Although I'm only 12 I have very strong views on the foot and mouth crisis. I think Tony Blair was right to put off the elections, but it is nonsense to tell people to go back to the countryside. Because we should get it out of the way first. I know hotels, animal parks, B&Bs, etc are losing money because of this but the government should be doing something about that as well. And people going away this Easter are just going to spread it. And if they do I don't think he will be elected again because he has sent out the message that there is nothing to worry about, go to the countryside, spread the disease the farmers and people with the odd cloved hooved pet won't care. But it takes years to build up a good working farm, ask any farmer. And if people have them for pets, they get very attached to them. Which I'm sure you know if you have cats, dogs, rabbits, etc. And what I don't get is why we aren't using the vaccination.
Anna Saxby, Hertfordshire, England

After years of disasters within the British meat industry, there's not much protein left on the menu. Fish sales must be rocketing!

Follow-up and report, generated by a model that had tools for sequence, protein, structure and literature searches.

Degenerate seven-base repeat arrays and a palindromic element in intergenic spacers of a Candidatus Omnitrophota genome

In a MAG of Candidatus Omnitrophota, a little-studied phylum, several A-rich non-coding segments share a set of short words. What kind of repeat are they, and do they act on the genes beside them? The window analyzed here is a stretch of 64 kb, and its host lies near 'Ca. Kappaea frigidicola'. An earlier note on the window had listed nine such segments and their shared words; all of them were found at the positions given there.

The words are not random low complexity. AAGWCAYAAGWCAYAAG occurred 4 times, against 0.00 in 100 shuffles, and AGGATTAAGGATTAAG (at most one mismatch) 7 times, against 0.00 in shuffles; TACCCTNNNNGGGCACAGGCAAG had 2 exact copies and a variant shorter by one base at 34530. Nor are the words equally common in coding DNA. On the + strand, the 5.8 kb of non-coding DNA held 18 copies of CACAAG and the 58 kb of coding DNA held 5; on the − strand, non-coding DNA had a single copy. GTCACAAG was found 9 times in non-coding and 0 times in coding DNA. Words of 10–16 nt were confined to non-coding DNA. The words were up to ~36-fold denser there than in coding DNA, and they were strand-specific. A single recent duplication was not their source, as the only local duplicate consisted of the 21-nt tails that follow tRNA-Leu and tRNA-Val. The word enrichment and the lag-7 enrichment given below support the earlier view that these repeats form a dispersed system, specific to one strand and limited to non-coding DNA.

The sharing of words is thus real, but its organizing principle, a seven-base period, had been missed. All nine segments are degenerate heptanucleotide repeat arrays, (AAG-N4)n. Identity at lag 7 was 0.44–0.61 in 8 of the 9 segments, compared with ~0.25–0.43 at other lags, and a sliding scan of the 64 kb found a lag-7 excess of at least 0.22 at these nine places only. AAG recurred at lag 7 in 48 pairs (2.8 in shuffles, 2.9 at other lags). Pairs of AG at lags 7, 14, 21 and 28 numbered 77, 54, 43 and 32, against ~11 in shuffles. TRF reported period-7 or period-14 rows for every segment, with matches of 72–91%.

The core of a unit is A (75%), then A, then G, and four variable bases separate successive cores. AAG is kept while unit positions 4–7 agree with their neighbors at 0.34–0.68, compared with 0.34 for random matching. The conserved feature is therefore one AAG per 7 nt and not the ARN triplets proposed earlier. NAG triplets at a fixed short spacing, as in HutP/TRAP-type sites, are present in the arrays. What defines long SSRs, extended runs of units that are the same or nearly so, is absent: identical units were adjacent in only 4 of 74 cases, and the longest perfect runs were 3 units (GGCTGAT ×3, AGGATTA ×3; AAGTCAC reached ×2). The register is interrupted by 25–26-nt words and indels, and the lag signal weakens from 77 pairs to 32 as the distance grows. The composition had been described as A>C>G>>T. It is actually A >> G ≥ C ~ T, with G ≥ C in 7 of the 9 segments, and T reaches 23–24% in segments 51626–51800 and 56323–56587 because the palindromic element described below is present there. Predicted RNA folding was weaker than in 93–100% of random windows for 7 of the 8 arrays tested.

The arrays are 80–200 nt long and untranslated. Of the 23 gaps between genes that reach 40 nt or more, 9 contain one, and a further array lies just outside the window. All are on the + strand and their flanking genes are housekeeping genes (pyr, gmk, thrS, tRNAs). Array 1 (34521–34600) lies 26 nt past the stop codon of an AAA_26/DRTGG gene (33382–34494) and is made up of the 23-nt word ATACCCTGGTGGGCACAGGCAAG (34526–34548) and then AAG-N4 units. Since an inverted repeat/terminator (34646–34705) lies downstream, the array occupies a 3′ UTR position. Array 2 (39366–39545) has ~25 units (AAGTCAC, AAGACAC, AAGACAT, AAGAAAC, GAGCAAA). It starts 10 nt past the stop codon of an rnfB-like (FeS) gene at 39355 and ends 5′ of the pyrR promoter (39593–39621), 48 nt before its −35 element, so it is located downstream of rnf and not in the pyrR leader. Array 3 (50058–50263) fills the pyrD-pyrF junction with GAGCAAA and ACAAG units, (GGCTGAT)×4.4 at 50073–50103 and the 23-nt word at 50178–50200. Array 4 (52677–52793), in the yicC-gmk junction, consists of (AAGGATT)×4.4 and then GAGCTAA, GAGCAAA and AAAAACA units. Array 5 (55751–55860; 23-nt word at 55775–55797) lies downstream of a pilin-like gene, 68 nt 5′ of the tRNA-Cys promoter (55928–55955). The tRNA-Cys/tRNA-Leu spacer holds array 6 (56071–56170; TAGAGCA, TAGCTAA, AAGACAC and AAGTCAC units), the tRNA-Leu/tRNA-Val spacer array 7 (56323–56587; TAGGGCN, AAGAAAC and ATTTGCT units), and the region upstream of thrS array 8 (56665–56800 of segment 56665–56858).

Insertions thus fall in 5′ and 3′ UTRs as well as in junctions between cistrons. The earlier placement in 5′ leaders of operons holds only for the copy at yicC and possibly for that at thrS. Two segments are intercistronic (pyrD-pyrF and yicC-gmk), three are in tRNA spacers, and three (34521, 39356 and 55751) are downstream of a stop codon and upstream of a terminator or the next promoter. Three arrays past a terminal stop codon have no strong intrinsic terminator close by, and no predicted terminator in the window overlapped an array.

Dexter, UK

Don't bother going to the countryside at all. It's time we admitted that farming in this country, apart from organic farming and mass-scale farming has no future. Many farmers rely on subsidies to survive - it's time we removed those subsidies and let the free market decide the future of farming. Asking the nation to bail them out once again by paying for a sub-standard holiday simply isn't on.
Mike, UK

There are places open to the public over Easter, i.e. beaches, some country parks and a number of historic houses, not to mention pubs, sports centres and swimming pools.
Jacinta, UK

What in God's name gave the Monmouthshire Council the right to carry out what basically amounts to a sporting 'shoot' on the sheep in that field ... I am so appalled and angry I can hardly think straight while attempting to write this. It was simply barbaric. I just cannot believe what we saw, and please don't try and explain it away. There was no excuse for this behaviour - absolutely none!
Maz, UK